Step Behind Closed Doors And Into The LBJ Library's Time Machine
This week, the Lyndon Baines Johnson Presidential Library and Museum in Austin, Texas, . It's a big deal. This year marks the 50th anniversary of Johnson's signing of the Civil Rights Act. The legacy of the landmark legislation is as significant and complicated as that of the late president himself, who cajoled, cornered and courted lawmakers to approve the bill.
For those of us who can't make it, though, — is the next best option. It contains a treasure trove of photographs and correspondence from the Johnson White House that illustrate the extent to which civil rights was part and parcel of the day-to-day agenda in the nation's highest office, on an amazing array of fronts.
Here are some notable entries:
In June of 1967, the Johnson Administration was keeping close tabs on Stokely Carmichael, the radical black activist. In this letter, it seems that the Johnson Administration thought Carmichael was instigating riots in different American cities.
In 1967, LBJ picks Ramsey Clark to fill the vacant attorney general spot. The one small problem: Clark's father, Tom Clark, is a sitting Justice on the Supreme Court. The elder Clark promptly steps down, leaving a vacancy on Supreme Court.
And Johnson already had a replacement in mind. According to his wife, Lady Bird Johnson, the president had picked Thurgood Marshall, the renowned civil rights lawyer, to be his solicitor general a year prior specifically so that it might serve as a platform for a justice position on the high court:
"Lyndon admires Judge Thurgood Marshall and spoke of the possibility of asking him to be the Solicitor General, and then if he proved himself outstanding perhaps when a vacancy on the Supreme Court opened up, he might nominate him as a Justice — the first of his race."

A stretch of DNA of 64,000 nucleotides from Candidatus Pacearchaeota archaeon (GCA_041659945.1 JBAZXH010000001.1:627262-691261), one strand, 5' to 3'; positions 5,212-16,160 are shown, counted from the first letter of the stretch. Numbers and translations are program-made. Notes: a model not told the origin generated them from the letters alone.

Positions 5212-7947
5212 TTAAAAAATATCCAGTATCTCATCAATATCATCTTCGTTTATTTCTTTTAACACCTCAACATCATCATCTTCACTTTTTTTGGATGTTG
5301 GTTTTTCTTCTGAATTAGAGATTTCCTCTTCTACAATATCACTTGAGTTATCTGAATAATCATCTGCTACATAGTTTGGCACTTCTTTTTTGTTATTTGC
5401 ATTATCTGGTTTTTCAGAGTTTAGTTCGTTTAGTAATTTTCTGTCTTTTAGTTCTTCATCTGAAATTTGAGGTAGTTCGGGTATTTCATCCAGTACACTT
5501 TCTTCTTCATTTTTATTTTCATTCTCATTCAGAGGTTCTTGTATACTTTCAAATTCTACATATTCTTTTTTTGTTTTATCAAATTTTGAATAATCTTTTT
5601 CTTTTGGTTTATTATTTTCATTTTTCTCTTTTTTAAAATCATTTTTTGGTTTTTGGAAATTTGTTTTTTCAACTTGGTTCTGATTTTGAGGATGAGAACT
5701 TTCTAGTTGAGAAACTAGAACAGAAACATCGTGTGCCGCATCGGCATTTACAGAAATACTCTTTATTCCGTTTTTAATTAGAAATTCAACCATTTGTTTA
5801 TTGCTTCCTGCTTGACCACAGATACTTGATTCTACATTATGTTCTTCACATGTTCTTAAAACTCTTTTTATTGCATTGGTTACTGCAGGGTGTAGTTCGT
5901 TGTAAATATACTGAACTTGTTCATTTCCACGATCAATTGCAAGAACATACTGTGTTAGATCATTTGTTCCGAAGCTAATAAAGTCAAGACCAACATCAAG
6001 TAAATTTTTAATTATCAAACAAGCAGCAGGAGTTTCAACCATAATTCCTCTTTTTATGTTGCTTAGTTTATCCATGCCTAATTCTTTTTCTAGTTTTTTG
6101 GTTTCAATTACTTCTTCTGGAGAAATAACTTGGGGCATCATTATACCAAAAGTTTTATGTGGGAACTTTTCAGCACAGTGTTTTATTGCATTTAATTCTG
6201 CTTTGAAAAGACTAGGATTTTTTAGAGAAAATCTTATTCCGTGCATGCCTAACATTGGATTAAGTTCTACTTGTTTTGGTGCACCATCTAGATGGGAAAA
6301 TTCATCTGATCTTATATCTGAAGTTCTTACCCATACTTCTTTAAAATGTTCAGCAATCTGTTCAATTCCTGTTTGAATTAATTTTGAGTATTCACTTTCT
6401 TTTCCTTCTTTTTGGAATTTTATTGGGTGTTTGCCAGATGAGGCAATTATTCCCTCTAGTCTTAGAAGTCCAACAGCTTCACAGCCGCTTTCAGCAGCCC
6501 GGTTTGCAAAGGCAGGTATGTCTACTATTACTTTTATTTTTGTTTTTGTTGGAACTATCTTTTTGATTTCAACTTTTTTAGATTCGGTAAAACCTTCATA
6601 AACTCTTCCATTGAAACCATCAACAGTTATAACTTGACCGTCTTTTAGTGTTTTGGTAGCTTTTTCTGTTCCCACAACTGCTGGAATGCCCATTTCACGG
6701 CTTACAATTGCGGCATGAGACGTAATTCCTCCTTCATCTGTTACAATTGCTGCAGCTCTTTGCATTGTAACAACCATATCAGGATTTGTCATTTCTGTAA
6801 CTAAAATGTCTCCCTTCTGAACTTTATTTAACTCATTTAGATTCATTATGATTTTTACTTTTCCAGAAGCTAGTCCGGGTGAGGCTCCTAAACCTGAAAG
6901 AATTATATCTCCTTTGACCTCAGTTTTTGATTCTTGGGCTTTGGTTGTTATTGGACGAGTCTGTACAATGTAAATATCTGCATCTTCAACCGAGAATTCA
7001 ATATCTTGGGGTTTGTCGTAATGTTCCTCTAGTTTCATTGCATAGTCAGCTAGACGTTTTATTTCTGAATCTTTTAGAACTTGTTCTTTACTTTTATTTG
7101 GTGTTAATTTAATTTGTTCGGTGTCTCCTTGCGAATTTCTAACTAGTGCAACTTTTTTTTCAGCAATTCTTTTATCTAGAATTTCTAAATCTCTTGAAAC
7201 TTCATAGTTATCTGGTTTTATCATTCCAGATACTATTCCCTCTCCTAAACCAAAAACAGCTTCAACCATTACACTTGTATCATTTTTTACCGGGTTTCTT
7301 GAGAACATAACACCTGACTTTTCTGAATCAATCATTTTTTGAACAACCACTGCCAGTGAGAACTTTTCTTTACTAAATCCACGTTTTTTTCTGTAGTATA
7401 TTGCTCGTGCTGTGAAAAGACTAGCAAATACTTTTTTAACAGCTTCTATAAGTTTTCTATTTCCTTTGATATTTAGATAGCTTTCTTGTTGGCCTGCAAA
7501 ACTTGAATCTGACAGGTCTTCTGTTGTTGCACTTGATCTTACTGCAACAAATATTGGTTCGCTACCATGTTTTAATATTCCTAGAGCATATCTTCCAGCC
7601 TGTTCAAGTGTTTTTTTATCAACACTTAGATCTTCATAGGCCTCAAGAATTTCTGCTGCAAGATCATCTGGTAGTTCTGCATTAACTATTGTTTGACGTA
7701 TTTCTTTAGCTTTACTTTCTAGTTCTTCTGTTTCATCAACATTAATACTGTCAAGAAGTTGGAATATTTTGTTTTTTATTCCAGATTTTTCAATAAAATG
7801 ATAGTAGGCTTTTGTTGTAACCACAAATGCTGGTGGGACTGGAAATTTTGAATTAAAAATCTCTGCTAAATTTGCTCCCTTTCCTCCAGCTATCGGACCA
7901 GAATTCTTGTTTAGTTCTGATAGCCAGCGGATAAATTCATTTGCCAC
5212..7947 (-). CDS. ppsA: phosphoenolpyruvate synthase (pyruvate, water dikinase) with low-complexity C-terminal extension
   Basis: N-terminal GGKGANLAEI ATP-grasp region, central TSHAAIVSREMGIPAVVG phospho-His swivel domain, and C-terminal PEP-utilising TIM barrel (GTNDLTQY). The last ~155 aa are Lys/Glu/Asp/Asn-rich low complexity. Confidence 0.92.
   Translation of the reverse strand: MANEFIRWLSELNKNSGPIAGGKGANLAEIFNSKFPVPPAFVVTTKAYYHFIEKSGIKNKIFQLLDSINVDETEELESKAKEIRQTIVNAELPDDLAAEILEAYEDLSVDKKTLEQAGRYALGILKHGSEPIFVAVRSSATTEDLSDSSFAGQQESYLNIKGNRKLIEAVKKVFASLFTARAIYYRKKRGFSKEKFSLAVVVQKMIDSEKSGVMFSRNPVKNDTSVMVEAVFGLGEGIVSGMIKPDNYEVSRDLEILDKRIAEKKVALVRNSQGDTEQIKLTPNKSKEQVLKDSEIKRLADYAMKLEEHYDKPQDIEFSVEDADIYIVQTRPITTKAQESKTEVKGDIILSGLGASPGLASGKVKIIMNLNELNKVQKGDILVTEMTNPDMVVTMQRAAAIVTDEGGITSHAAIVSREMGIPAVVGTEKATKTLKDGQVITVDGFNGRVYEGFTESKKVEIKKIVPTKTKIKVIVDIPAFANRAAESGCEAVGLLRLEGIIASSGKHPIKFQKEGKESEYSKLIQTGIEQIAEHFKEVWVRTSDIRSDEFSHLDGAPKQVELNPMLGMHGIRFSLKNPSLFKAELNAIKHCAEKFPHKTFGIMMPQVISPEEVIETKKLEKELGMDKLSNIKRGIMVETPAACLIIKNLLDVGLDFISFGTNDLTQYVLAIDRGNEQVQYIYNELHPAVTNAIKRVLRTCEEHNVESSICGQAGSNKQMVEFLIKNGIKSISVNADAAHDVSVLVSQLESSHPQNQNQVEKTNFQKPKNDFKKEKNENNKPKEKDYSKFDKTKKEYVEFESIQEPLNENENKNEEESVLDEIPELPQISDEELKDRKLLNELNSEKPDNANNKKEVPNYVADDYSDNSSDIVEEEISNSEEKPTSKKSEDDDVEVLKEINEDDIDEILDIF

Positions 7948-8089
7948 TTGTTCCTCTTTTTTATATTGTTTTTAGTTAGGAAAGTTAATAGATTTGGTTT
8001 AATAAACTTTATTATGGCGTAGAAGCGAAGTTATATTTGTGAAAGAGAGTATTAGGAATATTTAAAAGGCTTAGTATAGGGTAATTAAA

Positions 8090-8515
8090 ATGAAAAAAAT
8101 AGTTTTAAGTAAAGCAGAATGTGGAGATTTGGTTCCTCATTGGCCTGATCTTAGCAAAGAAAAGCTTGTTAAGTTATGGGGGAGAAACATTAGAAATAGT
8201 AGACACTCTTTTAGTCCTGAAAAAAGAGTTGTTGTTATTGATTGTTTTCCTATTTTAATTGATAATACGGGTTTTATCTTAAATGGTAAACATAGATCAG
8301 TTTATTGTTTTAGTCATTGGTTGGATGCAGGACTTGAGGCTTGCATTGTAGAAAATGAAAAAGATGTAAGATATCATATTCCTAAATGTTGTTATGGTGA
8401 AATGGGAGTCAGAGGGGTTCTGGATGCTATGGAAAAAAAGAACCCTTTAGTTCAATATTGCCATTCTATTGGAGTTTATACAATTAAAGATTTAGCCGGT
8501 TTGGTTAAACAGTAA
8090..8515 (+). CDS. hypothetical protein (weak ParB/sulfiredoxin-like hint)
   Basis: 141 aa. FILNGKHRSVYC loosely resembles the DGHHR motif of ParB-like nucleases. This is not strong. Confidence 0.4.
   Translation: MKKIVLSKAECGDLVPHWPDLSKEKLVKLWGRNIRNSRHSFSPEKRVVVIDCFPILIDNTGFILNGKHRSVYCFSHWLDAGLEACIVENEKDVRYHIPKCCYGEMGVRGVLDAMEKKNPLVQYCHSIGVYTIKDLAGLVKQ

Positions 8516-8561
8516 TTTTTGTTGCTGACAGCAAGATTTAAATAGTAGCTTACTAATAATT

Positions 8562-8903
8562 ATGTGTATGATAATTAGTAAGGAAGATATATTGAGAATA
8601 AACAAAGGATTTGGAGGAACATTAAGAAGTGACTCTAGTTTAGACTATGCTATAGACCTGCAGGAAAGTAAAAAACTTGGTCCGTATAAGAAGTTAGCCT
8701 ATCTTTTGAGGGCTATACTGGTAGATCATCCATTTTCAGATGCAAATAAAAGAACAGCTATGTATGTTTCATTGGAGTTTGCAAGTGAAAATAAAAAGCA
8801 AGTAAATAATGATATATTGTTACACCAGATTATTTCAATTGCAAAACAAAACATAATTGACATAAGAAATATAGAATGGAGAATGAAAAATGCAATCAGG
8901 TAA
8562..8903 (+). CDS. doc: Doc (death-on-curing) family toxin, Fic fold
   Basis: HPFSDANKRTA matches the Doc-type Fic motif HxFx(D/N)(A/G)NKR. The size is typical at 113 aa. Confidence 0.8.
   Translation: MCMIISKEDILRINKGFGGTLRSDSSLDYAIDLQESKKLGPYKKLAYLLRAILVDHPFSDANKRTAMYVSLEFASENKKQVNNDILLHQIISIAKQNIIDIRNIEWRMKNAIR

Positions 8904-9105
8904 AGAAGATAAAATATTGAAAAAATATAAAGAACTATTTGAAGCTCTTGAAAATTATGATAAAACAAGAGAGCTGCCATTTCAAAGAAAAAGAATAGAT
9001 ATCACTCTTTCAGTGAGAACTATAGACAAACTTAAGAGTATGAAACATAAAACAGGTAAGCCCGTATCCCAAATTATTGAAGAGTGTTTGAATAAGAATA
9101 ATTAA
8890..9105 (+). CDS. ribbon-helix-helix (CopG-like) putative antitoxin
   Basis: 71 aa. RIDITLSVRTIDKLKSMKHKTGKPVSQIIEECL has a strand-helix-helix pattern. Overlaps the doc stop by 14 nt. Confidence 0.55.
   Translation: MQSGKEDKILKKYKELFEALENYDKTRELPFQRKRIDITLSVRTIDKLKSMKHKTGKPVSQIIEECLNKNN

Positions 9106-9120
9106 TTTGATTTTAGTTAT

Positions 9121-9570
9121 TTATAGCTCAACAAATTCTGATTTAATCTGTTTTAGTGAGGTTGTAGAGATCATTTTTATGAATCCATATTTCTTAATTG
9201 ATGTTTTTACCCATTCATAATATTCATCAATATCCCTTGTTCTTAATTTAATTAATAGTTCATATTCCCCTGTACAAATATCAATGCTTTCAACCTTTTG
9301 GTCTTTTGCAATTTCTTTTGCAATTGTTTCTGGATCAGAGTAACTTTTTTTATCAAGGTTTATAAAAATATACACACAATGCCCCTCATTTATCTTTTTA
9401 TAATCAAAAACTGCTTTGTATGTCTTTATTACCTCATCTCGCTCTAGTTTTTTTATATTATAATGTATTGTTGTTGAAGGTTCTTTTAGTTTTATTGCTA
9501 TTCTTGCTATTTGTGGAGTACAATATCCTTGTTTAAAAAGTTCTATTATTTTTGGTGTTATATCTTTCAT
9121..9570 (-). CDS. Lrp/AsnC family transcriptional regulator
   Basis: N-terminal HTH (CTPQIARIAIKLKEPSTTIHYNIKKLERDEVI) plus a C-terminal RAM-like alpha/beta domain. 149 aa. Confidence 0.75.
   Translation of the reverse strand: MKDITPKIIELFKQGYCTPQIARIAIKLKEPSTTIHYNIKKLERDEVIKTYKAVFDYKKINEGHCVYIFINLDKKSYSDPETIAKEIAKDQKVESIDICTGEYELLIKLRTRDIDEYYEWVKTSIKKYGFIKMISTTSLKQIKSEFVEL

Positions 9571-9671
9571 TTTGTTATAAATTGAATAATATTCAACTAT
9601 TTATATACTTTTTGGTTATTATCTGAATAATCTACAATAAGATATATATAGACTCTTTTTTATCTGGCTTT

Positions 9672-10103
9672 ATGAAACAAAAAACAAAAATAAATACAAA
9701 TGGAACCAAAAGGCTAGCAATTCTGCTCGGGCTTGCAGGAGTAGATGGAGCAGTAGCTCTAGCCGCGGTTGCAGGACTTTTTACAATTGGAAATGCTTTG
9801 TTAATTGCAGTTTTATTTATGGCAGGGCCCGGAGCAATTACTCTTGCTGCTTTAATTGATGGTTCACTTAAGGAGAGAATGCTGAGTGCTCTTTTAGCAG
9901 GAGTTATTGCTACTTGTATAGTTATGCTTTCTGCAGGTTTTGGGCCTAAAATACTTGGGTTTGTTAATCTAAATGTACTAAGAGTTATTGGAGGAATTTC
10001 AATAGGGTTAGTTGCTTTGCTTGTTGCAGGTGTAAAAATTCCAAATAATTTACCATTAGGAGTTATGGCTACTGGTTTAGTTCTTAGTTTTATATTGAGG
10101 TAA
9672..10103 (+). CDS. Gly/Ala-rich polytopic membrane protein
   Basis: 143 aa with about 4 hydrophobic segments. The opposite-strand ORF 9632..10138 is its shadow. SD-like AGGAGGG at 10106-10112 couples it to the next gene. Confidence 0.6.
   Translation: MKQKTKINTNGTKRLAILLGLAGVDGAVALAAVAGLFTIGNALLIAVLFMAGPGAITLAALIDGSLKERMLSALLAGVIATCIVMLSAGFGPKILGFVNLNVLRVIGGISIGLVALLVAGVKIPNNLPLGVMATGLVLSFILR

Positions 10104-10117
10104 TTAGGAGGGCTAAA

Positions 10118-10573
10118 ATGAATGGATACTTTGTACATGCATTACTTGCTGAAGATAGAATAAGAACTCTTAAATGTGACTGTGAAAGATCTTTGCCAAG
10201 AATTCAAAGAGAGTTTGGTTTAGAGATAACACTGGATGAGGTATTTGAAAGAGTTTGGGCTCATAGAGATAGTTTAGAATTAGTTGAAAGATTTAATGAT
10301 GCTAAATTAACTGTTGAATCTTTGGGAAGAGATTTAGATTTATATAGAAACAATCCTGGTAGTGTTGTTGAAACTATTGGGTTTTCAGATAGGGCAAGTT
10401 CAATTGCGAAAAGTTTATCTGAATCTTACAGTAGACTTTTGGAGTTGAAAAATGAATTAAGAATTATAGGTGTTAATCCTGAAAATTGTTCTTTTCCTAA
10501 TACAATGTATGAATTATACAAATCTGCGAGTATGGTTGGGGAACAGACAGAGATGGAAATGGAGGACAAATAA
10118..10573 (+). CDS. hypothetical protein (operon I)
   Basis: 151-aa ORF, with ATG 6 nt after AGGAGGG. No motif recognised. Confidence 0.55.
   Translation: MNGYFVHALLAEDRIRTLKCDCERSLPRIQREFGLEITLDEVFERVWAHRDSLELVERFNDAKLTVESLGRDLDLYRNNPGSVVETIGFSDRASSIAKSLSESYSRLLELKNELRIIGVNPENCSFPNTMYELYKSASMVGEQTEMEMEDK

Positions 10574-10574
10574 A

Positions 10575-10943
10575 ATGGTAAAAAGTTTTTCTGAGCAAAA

This 1967 letter form Jackie Robinson touches on the two biggest policy dilemmas Johnson had to navigate: the war in Vietnam abroad and the civil rights movement at home. Robinson urged Johnson not to let the war's growing unpopularity — Martin Luther King had become a vocal opponent of the war — distract Johnson from the momentum of the civil rights movement.
In 1967, Johnson nominated Walter Washington, who ran New York City's housing authority, as the first mayor of Washington D.C., making him the first African-American mayor of a major American city. (Washington would be the last mayor of the nation's capitol to be appointed by the president.) Johnson tapped Tom Fletcher, an undersecretary at Housing and Urban Development, to aid Washington.
"In a special way, the problems of the Nation's first city are also the problems of the Nation," Johnson said. "No men in any other public jobs face more exciting or exacting challenges than this new team of leaders for Washington. We believe we have found the right men for the right jobs at the right time."
You can find a live stream of some of the speakers at the summit at .
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